Elizabeth’s Story

I have always been considered overweight as long as I can remember. My childhood pictures show me as gaining weight from around the age of 8, and I have never been smaller than a UK size 16 and a UK 22 at my largest.

My father’s mother was overweight as was his father, but my mother’s family are a healthy size and I grew up in a healthy and loving household. My mum did what she could to help me lose weight in a supportive way and I know she blamed herself for a long time for my unhealthy habits.

However, I think we have both come to realise that there are many factors to ‘ob*sity’ and having found exercise in the last 15 years, she sees that there are different measures of health.

My first memory of being really ashamed of my weight was when we were all weighed by the school nurse in secondary school and I remember the other girls telling each other their ‘number’ like it was the result of a test. I remember noticing that my number was the highest and knowing that it wasn’t a good thing.

Fast forward 20 years through countless diets and fads and although I have lost 40/50lbs more than once, I usually put it all back on within 6 months.

I was married in April 2019 (after losing 45lbs!) and we immediately started trying for a family. I was 35 when we got married so I was aware that my age might hinder us conceiving quickly but what I wasn’t prepared for was a denial of fertility referral due to my BMI.

I have always hated the idea of BMI: the idea that one’s health can be summed up with a simple equation seems unfair and simplistic. I understand that the NHS is stretched beyond belief however the subtext coming through from the NHS is clear: you’re too fat for motherhood. 

I was offered thyroid medication and had an ultrasound scan and several blood tests. Most came back normal but it was difficult to pinpoint ovulation. It seems I don’t ovulate each month. The Dr told me this, but then I felt like I’d been left high and dry because I was told that I til my BMI is under 30, I can’t be referred for any more help, tests or medication.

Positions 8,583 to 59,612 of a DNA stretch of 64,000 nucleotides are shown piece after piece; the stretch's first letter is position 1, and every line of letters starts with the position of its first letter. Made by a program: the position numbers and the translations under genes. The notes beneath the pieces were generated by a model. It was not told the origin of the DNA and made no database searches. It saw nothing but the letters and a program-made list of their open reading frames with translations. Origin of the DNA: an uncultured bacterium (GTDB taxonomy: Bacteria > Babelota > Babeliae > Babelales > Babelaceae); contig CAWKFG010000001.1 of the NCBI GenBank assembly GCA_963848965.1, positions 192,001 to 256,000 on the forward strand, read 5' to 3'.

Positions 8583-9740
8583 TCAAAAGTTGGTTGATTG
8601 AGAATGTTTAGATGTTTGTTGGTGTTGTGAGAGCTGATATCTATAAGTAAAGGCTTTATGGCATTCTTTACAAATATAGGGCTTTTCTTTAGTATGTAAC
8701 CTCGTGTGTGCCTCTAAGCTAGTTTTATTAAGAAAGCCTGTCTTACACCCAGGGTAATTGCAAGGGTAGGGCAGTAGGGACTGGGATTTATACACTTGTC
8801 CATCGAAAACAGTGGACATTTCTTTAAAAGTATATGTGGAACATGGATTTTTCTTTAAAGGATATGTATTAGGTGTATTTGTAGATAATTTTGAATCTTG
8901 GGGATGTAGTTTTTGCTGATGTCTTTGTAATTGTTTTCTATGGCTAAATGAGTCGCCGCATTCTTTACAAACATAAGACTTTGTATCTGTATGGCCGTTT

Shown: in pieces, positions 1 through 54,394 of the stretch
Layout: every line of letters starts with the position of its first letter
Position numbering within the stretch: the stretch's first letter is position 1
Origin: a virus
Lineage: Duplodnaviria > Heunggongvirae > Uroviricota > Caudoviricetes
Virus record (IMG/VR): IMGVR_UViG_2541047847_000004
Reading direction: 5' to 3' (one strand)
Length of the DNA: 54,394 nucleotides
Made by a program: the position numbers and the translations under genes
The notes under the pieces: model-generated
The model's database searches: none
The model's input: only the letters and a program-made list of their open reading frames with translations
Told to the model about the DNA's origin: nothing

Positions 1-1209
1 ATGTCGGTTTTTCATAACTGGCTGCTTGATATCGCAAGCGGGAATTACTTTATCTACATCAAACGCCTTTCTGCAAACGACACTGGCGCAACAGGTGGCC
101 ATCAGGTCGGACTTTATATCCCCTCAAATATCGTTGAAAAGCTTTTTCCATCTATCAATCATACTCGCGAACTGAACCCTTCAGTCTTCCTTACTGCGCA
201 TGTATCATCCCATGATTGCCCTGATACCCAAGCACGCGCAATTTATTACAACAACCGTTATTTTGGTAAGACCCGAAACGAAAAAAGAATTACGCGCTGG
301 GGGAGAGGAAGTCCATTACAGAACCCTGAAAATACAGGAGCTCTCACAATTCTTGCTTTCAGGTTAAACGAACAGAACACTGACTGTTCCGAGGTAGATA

My BMI is 37. I would have to lose around 4 stones to be referred and the pressure of that is too much to bear, especially when I already felt like a failure for not being able to conceive.

Photo by Christine Sandu

We decided to pay for some private testing and it was a breath of fresh air. They never mentioned my weight, and the tests have concluded that I have a low egg count. Nothing to do with my weight. I felt a huge sense of relief that I could stop blaming myself for our infertility. We have paid for medication to help me ovulate which so far has been unsuccessful. The next step will be IVF and with it brings a new worry. Even the private clinic advises your BMI to be under 35…

I don’t know how strict the clinic will be on this but it’s clear that my weight continues to be an issue, a factor, a defining part of my medical treatment and it is exhausting. I really hope we conceive soon but even then I know I will have to attend more appointments and have more intervention as it would be considered a geriatric and ob*se pregnancy.

I am so glad to have found some health professionals out there to give me some perspective and reassurance that my weight and BMI shouldn’t rule the medical care I receive. 

Elizabeth, Bristol

Weight stigma and fatphobia is particularly noticeable among fertility specialists. Elizabeth is by no means the first person to walk away from an appointment feeling like her inability to conceive was all her fault. Most NHS hospitals will deny any fertility treatment to women with a BMI above 30, even though it is not clear why these guidelines exist.